The commitment to go line dancing felt like a stone.
I’m good at going places by myself—restaurants, concerts, events, whatever. But line dancing was different.
It was in a bar. Bars trigger memories of not measuring up, starting in college, and continuing.
Back when I was traveling between Chicago and Cincinnati every other week, I would often stay at a hotel that had an upscale bar next to their fine dining restaurant.
One night I had dinner there with a colleague who also didn’t live in Cincinnati. We sat on the mint green plush seats at a small table in the bar, and talked about how nice it was to have a place like this to come to at the end of a long day, a place that felt comfortable.
“The only thing I don’t like about it,” my friend said, pulling her hair behind her shoulder, “is that guys hit on you all the time.”
“Yeah,” I said, lying. No one had ever hit on me in this bar, and that was before I lost most of my hair and stopped wearing a wig.
As I thought about country line dancing, I was worried that I would be too old, too large, too awkward.
Jim and Jack’s On The River is not on the river, but it’s close. The bar is in a tall old Victorian house, with several boxy additions around the base. It looks like an elderly woman propped up so she doesn’t fall over.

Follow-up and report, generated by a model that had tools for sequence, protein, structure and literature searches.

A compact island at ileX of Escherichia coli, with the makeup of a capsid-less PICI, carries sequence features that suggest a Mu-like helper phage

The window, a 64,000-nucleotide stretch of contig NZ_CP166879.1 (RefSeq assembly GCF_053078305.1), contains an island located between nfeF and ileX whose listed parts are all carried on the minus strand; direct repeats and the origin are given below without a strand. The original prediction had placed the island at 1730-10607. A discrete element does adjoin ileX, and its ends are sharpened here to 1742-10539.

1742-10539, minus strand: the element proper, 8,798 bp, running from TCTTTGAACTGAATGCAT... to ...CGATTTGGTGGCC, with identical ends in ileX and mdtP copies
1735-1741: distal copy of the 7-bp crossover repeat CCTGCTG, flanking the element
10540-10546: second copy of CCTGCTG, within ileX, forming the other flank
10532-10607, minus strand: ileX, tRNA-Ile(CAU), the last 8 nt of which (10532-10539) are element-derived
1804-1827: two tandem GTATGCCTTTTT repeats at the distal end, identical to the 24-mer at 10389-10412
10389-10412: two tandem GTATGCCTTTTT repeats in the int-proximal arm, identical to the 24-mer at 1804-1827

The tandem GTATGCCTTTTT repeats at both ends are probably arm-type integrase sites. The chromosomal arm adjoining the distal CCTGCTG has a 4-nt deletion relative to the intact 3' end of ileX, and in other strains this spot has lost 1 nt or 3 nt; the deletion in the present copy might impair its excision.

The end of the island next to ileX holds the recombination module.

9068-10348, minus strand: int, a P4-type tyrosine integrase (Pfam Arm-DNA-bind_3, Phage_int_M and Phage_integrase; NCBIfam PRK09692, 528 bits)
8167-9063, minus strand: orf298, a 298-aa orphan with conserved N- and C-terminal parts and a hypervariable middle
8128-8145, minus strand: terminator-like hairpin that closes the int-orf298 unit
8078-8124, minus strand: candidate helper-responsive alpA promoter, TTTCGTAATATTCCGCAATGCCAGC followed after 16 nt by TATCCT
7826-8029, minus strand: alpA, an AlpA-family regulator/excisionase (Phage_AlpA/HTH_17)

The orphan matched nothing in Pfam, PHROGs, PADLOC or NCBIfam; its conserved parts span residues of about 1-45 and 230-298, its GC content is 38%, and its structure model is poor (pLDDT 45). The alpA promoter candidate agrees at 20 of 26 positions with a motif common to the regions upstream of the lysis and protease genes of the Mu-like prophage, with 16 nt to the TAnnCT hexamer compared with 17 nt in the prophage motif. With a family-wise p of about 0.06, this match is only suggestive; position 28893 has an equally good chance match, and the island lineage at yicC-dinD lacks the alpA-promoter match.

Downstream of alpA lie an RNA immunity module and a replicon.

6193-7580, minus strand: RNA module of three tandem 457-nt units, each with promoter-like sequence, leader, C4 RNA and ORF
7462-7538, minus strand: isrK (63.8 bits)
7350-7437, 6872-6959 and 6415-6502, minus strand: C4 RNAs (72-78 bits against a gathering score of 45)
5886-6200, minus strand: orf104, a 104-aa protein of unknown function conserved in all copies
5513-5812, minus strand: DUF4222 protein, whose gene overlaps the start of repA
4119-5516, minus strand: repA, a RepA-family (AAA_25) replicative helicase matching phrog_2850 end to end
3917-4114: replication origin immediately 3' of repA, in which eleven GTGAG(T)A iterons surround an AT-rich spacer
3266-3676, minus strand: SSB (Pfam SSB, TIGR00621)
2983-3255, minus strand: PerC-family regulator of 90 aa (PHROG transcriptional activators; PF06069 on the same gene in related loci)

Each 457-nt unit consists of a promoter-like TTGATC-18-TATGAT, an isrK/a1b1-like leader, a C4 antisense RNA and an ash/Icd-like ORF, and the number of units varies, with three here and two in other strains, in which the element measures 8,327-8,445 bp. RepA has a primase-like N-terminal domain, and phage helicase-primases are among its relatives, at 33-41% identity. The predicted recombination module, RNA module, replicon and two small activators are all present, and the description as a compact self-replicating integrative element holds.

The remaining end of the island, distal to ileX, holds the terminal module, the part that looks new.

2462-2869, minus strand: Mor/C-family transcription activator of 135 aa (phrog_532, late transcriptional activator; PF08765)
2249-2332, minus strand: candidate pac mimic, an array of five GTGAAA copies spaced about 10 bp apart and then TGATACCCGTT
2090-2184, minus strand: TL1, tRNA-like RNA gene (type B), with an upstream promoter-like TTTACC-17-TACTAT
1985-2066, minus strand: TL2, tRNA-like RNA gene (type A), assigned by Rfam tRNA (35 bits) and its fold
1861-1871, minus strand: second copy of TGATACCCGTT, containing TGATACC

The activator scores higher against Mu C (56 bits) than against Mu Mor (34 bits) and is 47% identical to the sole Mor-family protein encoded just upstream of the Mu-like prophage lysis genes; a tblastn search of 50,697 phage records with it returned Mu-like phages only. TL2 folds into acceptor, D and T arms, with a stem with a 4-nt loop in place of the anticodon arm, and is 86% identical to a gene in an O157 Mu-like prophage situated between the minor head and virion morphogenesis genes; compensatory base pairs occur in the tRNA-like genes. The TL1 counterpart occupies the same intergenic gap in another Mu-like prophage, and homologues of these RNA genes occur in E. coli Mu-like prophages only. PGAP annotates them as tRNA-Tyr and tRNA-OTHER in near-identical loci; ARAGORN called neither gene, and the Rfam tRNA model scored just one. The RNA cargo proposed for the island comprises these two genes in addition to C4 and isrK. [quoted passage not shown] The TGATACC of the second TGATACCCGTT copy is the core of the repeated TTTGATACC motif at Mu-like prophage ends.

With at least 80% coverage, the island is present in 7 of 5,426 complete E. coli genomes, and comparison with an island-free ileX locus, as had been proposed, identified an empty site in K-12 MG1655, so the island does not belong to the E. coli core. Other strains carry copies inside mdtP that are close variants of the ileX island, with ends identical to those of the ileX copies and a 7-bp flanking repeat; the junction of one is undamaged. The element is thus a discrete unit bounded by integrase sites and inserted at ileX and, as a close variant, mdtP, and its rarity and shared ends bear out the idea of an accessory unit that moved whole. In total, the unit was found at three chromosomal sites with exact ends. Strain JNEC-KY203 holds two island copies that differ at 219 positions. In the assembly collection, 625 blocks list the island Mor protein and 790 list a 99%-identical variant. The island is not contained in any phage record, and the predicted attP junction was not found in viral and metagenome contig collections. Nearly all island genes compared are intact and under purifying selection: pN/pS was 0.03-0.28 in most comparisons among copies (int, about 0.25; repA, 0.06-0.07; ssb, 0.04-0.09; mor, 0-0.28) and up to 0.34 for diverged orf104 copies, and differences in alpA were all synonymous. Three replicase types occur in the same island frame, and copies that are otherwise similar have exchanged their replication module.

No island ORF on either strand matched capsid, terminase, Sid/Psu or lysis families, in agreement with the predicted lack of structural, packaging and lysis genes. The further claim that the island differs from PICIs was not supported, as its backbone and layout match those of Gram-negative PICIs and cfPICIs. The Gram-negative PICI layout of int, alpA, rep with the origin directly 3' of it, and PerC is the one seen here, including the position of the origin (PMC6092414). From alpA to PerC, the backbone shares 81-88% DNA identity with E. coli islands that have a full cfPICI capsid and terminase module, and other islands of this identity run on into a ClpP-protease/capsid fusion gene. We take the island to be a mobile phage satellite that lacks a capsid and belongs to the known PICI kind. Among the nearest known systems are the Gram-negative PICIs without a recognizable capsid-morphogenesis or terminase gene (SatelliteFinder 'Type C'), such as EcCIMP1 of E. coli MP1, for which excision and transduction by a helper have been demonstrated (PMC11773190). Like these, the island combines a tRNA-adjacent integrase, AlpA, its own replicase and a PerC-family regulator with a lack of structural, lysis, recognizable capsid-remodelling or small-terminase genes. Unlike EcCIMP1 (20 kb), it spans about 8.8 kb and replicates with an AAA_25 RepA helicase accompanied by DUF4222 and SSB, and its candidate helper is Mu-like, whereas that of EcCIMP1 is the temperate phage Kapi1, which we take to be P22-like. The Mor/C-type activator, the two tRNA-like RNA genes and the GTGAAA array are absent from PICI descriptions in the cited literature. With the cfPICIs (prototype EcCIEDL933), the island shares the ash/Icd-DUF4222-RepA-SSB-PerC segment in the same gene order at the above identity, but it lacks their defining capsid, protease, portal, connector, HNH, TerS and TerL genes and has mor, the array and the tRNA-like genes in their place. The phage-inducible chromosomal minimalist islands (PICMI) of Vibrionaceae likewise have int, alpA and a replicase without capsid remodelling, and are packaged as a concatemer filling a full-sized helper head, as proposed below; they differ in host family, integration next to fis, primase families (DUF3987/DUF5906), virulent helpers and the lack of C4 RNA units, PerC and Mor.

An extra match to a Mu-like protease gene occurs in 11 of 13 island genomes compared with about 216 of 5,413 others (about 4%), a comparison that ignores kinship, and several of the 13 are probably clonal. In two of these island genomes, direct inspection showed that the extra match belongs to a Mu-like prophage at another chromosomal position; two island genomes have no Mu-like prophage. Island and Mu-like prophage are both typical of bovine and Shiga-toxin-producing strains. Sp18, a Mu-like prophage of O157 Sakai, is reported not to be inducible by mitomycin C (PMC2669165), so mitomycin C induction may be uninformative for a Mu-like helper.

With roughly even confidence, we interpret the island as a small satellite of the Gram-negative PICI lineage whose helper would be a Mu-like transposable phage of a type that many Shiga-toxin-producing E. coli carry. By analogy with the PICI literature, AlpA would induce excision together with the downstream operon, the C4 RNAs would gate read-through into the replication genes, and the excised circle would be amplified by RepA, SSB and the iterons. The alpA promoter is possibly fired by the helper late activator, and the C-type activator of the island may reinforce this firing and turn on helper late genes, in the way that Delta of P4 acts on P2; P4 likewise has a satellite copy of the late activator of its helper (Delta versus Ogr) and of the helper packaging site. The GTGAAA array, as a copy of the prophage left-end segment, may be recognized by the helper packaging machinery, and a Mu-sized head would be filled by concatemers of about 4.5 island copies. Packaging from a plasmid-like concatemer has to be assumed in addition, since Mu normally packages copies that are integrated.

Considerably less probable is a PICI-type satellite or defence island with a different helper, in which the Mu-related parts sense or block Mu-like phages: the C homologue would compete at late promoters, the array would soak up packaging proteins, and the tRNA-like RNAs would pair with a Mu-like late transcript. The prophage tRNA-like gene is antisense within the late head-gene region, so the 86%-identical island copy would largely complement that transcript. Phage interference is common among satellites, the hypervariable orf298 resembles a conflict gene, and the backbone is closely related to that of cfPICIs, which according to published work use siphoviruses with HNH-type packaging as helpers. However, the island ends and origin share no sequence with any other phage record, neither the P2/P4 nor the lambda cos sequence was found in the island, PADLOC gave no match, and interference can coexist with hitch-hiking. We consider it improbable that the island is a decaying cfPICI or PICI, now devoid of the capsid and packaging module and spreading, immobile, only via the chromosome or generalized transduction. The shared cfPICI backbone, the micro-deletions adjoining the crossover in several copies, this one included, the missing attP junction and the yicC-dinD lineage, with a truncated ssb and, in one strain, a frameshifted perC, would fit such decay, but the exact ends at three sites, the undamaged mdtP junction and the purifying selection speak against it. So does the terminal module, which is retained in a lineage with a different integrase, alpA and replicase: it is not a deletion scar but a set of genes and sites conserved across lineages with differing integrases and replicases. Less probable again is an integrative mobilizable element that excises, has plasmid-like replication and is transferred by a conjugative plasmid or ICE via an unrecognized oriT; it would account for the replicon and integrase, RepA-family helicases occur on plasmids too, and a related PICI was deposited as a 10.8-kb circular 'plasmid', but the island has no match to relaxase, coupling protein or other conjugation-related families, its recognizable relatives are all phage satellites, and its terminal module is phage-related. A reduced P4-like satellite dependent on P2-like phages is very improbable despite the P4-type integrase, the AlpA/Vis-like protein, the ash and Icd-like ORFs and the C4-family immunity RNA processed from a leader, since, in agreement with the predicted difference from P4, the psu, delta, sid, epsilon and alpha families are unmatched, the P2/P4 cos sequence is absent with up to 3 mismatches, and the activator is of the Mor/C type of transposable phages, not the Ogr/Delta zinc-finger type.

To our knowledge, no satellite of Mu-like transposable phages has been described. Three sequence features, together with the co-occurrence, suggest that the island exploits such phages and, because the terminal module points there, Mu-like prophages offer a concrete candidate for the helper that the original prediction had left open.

As I walk through the door, the bar is brighter than I expected. It is also bigger. Much bigger. It’s the biggest bar I’ve ever been in that wasn’t a sports bar.
The bar part is off to the side, with two insignificant TVs mounted on the walls. The Reds are playing and no one is watching.
The dining area covers two large rectangles bordering a dance floor. There’s a red curtain that closes off part of the room, so there may be even more seating.
Next to the red curtain is a long high counter, with lots of men and a few women standing around it, drinking and laughing. They look like a crew that just got off work. Tables for four fill the rest of the dining area.
The hostess leads me to a seat in the mostly empty room. At the table next to me are four women, all my age or older, all drinking bottled water, no food or alcoholic beverages in sight.
Just before seven o’clock, about twenty more women come in, sprinkled with a few men. I wonder how many people have come to dance. When the music starts, I get my answer: all of them.
There had been no reason to think I might feel out of place. There is a place for everyone here.
The oldest woman from the table next to me, the one I think is wearing a wig, takes tiny steps as she dances, but she knows them all. There is a dancer who is a little person. There is a dancer with long gray hair who has a bend to her neck that puts her head well in front of her body. She wears a sash belt tied at her waist and long earrings that dangle from her ears. Silver spangles cover both.
When the instruction starts, I get up to dance.
Other than not knowing the moves, I fit right in.
Chewing the Cud of Good
Thankful for friends who see me with kinder eyes than I see myself.